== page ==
Making Sense of Medicine: A walk-through of Morton’s neuroma

Making Sense of Medicine: A walk-through of Morton’s neuroma

Morton's neuroma is one of the few medical -omas that does not indicate cancer, so your concern is misplaced.

Morton's neuroma is not only non-cancerous, but it was also not discovered by Morton.

Morton correctly described the neuroma's symptoms but incorrectly described what it is.

Then, in 1940, an Australian orthopedist named L.O.

Morton's neuroma was finally correctly described by Betts.

There are other conditions that can cause similar symptoms, such as capsulitis or bursitis, but Morton's neuroma is the most common.

Morton's neuroma is a benign fibrous tissue accumulation around the medial plantar nerve branches.

The plantar nerve is entrapped, which causes the neuroma to grow.

Morton believed that the entrapping culprits were the metatarsal bones themselves, but this is anatomically unlikely.

Irritation, injury, or compression of the plantar nerve are the most common direct causes of Morton's neuroma, with tight-toed shoes being the most common cause of compression.

Men are more likely to develop Morton's neuroma, and all but one of the Morton's neuroma patients I've seen have been men.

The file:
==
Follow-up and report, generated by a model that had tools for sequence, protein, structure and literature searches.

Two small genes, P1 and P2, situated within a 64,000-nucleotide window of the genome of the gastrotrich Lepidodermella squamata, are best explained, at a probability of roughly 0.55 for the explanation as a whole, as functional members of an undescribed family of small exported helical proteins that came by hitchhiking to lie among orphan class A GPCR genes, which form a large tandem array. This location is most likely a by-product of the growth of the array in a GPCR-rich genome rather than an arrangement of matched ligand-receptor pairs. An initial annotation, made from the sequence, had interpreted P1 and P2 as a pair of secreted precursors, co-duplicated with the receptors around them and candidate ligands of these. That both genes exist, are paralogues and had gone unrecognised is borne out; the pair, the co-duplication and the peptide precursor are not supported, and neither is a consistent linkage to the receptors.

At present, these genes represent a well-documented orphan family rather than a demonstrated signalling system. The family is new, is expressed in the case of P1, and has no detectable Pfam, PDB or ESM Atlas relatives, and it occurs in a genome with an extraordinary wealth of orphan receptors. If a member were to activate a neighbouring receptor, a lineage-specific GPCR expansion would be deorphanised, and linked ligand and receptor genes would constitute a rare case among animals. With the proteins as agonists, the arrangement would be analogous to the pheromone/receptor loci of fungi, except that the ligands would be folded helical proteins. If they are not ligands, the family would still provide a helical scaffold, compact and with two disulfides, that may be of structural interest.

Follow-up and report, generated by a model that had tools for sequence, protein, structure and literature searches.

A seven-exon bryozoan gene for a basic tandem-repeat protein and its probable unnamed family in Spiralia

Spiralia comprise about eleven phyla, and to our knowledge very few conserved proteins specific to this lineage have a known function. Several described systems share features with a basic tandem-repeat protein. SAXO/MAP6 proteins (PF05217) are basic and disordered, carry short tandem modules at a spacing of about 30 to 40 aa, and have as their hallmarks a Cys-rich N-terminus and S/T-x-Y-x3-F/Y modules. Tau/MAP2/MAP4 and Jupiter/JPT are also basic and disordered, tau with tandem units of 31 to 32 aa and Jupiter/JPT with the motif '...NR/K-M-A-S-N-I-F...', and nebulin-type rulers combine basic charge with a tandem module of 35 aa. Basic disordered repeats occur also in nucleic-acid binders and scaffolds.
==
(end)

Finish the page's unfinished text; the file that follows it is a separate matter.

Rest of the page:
Nonsurgical treatments for Morton's neuroma are straightforward and can result in complete neuroma remission.

A cortisone injection may relieve pain in some cases, but it may not be effective in removing the neuroma.

In my practice, I've been successful in treating Morton's neuroma with MYK treatments.

Surgery is the last resort for Morton's neuroma relief, and there are several options.

The neuroma is usually located on the top of your foot between the two metatarsals, so the surgeon will make an incision there.

The neuroma-containing portion of the nerve, as well as some branches of the nerve that reach the skin on the bottom of your foot, are removed.

Read the original article "Making Sense of Medicine: A Morton's Neuroma Walkthrough" at

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